I thought this NPR story was interesting.
This is the title.
Ecologists say federal wildfires are at a dangerous level with climate change
As far as I know, most fire ecologists and firefighters agree with this statement.
Claim 1. Ordered fire works mostly (especially in the east and south), but FS plays the game with improved technology, better practices, less pressure on individuals for acres, more and more trained people, and so on.
Claim. 2. This is due to the combination of previous fire extinguishers, many homes, the escapes are more dangerous (and perhaps a few suppression options), unwanted expansion and climate change – all of these factors are due to some unknown combination, new and increasingly combustible (even ) By creating a mixture of conditions.
Please add your own ideas or your own claims in Clause 1 or 2 in the comments.
On May 20, USFS Chief of Staff Randy Moore suspended a 90-day safety review of ground fires. New Mexico fires burn more than 340,000 acres[340,000 ha]
But many fire ecologists and forest experts warn that this “momentary cessation” is exacerbating the risk of wildfires. Critics have merely hidden the agency’s dangerous, outdated and problematic intentional fire and fire prevention measures, which have failed to adapt to climate change and mega droughts.
Of course, many others who are not mentioned in the story disagree. But logically, I don’t understand this … FS How much PB works in the SUMMER in the West. Look, August 20 is 90 days from May 20. And FS had trouble hiring enough firefighters this summer to deal with wildfires. So what are the possible PBs during that time?
Okay, in a letter to scientists, they say:
Today, during the 90-day holiday, we ask you to re-install the ordered burning of non-severe U.S. national forests. For example, regions 8 and 9 are not currently in a state of drought; According to a recent NOAA drought forecast for the United States, most areas in Region 8 and Region 9 will be suitable for further combustion measures. Allowing FS scientists to collect burned data from non-federal partners during this period also included national leadership in the proposed fire study. Once the national review is complete and it is safe to do so, we ask that you consider reconsidering the burning in the Southwest and Western United States of America, even before this 90-day break.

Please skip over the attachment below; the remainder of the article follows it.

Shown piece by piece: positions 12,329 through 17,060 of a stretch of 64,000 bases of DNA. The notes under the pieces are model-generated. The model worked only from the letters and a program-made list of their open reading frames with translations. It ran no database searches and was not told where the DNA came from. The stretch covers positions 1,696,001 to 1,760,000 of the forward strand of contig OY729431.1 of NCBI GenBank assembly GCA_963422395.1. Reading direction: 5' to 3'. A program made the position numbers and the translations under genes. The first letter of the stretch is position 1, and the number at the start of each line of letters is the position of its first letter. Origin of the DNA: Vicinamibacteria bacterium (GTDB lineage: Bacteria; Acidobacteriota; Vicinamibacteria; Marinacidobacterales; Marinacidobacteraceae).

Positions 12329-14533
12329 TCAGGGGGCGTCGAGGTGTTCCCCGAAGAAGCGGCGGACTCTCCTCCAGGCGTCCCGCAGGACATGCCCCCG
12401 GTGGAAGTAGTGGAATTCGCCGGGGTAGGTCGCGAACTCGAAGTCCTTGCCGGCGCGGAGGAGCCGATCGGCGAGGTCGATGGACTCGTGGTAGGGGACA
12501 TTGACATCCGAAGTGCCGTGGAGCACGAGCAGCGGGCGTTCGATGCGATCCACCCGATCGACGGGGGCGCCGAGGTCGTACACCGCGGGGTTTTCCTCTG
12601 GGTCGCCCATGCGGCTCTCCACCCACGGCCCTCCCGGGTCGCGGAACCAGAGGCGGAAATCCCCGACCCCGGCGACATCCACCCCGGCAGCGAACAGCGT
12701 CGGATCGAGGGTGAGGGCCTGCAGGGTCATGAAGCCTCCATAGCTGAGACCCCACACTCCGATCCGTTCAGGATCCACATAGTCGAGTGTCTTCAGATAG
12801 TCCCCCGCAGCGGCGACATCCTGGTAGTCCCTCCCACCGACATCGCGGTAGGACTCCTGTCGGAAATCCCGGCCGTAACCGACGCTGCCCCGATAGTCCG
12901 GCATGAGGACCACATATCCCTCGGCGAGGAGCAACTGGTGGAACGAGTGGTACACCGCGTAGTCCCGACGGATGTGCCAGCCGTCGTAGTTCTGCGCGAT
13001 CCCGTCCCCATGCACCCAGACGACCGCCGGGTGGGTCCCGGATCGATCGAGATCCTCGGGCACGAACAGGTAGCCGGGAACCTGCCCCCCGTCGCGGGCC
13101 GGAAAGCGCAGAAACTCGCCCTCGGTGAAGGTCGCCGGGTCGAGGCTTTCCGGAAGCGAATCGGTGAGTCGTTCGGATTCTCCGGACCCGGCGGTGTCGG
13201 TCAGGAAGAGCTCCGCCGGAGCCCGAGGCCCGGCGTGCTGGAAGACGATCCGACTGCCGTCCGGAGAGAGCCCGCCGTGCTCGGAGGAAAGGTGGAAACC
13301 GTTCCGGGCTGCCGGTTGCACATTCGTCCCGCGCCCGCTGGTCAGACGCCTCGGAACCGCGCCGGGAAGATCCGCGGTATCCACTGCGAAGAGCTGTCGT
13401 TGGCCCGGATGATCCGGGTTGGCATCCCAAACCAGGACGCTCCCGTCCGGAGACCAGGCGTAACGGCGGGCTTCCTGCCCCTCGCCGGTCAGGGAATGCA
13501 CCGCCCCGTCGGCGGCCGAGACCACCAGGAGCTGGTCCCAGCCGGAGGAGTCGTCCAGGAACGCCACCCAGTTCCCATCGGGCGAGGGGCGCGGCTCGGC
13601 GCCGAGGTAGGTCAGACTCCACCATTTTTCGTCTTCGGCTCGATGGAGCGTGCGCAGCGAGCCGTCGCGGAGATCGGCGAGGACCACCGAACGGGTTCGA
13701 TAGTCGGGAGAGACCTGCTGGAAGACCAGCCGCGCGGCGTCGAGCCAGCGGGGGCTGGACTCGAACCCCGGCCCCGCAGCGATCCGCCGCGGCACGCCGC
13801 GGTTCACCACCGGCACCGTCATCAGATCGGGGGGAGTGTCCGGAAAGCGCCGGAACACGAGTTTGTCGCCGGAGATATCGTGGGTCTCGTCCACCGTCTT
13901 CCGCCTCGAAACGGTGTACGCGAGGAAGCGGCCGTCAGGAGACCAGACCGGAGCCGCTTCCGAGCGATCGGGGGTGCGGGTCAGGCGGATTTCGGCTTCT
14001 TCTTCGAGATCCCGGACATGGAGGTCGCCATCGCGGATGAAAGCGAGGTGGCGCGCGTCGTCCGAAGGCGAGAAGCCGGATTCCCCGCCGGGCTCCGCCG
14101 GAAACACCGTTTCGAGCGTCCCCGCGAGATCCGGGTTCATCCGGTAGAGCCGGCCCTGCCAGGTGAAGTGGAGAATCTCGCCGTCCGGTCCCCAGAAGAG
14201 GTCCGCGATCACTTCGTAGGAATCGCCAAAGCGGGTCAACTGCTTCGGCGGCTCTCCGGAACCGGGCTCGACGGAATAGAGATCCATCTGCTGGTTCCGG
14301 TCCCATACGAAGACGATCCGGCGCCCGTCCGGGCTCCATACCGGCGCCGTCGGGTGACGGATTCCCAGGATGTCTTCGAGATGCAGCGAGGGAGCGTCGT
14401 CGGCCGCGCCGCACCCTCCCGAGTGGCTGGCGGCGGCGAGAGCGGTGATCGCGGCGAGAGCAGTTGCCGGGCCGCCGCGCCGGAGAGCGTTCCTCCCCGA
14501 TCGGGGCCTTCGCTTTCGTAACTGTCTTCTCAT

Mostly they seem to be talking about the Midwest and the South, which is not really a concern for people who are prone to fire hazards (and who do PB often, with unintended consequences). So that statement makes sense (allow some to continue burning) but not for the sake of it (excessive oil storage in the West).
But perhaps the 90 days are giving FSS a chance to “improve the risk.” Or mobilize long-term efforts to improve the presentation. Why don’t we think that’s what they do?
Hurtew and other forest services – and other fire agencies – continue to ignore climate change in decision-making processes, despite scientific evidence and the agency’s own goal of reducing dangerously large amounts of built-up fuel in Western forests.
But what does it mean to “take the lead in climate change” in practice? Obviously one option is due to CC due to circumstances varying and not fully understood, so let’s be very careful with PB, let’s be more careful than ever. But the scientists do not seem to argue in their letter.
Several sections of the report emphasized the point, including that fire officials were unaware that the fire had been prepared in “more dry conditions than usual.”
But was that a “climate change” thing or something like “FS did not do the right thing on the site” (read the report later)? And if climate change is not translated into what is measured at the site (fuel humidity or air temperature or humidity), do we lack something that is very important?
For these and other reasons, experts worry that the agency’s firefighting is more than just a “window of opportunity” to cover the gaps between speech and reality. According to Hurtew, all the peers and forest services assessed in the case are planning to reduce their own hazardous forest fuels at a historic level.
“The question remains. Is the agency ready to make changes to create a conducive environment for its employees, their staff to work efficiently and to be well-supported and well-funded to achieve those goals?”
So there is a question. Another question is whether FS can partner with governments and other institutions to implement that, including social consent.
In any case, just by reading this article, you can get the impression:
(2) But experts feel that they should continue to burn, knowing that they should not be damaged.
I do not understand the letter from the real scientists. I am very sorry for the journalists who are trying to cover this.
And of course (approximately) a solution from me.
Maybe a million dollars in modeling and technology development (let’s say there are drones and models with different levels of accuracy and timeliness to determine the temperature in the combustion pile) but I don’t think there is a big difference between that. In practical terms, financial support is provided. One suggestion, then, is for the fire expert / panel to make a joint decision on key questions and for any study that is thought to be useful for PB.